ERIC Number: ED469966
Record Type: Non-Journal
Publication Date: 2001-Aug
Community Organizing for School Reform in Philadelphia.
Mediratta, Kavitha; Fruchter, Norm; Gross, Barbara; Keller, Christine Donis; Bonilla, Mili
Pennsylvania's Philadelphia School District has a high percentage of minority, bilingual, and low-income students and suffers from low student achievement, chaotic instructional organization, teacher shortage, dilapidated school facilities, and lack of accountability. Six community organizing groups are working with parents and youth for local and citywide school improvement: Asian Americans United; ACORN; Alliance Organizing Project; Eastern Philadelphia Organizing Project; Philadelphia Students' Union/Urban Retrievers; and Youth United for Change. Data from surveys and interviews indicate that the six groups define their school reform mission as the development of youth, parent, or community leadership to fight for better and more responsive public schools. Most are building local and citywide organizations with the power to hold school officials and political leaders accountable. Most of the groups work with low income African American and Latino families, though some have multiracial membership. Organizing issues range from building conditions, safety, bilingual education, and student achievement to systemwide concerns about funding, academic standards, and access to qualified teachers and technology. Challenges they face include negative attitudes toward parents, youth, and community groups and instability within the school system. A directory of organizations is appended. (SM)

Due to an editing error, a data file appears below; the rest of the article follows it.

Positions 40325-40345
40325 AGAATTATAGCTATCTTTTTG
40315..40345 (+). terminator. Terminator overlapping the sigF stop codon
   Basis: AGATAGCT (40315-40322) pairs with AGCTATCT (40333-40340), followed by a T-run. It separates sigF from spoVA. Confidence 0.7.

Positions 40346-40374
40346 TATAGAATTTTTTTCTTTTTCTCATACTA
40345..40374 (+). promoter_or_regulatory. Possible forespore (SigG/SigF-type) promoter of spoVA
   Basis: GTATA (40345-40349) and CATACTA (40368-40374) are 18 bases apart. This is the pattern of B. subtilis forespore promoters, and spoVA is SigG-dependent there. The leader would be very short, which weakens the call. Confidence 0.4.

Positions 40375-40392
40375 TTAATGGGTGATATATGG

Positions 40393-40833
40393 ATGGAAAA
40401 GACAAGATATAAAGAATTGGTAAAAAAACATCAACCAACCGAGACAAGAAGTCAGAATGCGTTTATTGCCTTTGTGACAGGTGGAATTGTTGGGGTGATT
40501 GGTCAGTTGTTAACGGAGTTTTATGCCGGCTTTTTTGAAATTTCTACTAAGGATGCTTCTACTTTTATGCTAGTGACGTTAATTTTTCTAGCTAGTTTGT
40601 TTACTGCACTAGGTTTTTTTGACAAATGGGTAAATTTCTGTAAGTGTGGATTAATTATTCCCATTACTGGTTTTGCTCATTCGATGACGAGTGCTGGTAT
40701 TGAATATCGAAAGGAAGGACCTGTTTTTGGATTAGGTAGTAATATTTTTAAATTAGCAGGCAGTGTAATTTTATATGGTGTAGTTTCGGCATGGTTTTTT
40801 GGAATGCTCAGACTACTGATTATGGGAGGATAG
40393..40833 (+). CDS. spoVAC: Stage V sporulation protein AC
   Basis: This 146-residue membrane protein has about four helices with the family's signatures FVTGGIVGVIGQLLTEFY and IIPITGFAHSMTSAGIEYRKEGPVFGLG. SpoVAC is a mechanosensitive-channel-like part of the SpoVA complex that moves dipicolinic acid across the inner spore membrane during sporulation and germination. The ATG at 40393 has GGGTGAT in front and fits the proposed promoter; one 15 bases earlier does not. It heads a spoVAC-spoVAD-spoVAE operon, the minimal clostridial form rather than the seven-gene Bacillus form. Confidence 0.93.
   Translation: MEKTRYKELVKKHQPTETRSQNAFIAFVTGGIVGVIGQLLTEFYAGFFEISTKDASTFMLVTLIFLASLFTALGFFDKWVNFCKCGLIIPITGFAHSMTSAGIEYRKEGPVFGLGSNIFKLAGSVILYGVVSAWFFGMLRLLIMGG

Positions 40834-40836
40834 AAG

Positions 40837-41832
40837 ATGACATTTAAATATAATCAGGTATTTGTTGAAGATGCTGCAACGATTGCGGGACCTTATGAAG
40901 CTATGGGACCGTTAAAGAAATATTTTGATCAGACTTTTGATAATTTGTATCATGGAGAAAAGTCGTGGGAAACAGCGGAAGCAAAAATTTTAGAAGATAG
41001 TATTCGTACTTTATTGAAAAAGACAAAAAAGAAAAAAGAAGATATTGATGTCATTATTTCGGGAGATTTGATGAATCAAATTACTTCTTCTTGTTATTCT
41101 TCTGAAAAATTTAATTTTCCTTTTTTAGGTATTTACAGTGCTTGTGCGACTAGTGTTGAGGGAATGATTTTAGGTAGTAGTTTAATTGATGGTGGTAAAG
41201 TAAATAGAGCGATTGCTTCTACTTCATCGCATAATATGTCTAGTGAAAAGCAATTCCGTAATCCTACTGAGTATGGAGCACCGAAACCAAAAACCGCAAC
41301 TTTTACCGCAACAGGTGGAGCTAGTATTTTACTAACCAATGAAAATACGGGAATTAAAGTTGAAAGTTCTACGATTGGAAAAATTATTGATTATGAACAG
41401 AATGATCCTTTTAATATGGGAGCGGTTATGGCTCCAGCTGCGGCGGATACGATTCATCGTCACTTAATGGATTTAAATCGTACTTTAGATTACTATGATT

Descriptors: Academic Achievement, Asian American Students, Black Students, Change Strategies, Community Involvement, Educational Change, Elementary Secondary Education, Governance, High Risk Students, Hispanic American Students, Parent Participation, Politics of Education, Poverty, Public Schools, Racial Relations, School Community Relationship, Urban Schools
New York University, Institute for Education and Social Policy, 726 Broadway, 5th Floor, New York, NY 10003. Tel: 212-998-5880; Fax: 212-995-4564; Web site: http://www.nyu.edu/iesp.
Publication Type: Reports - Descriptive
Education Level: N/A
Authoring Institution: New York Univ., NY. Inst. for Education and Social Policy.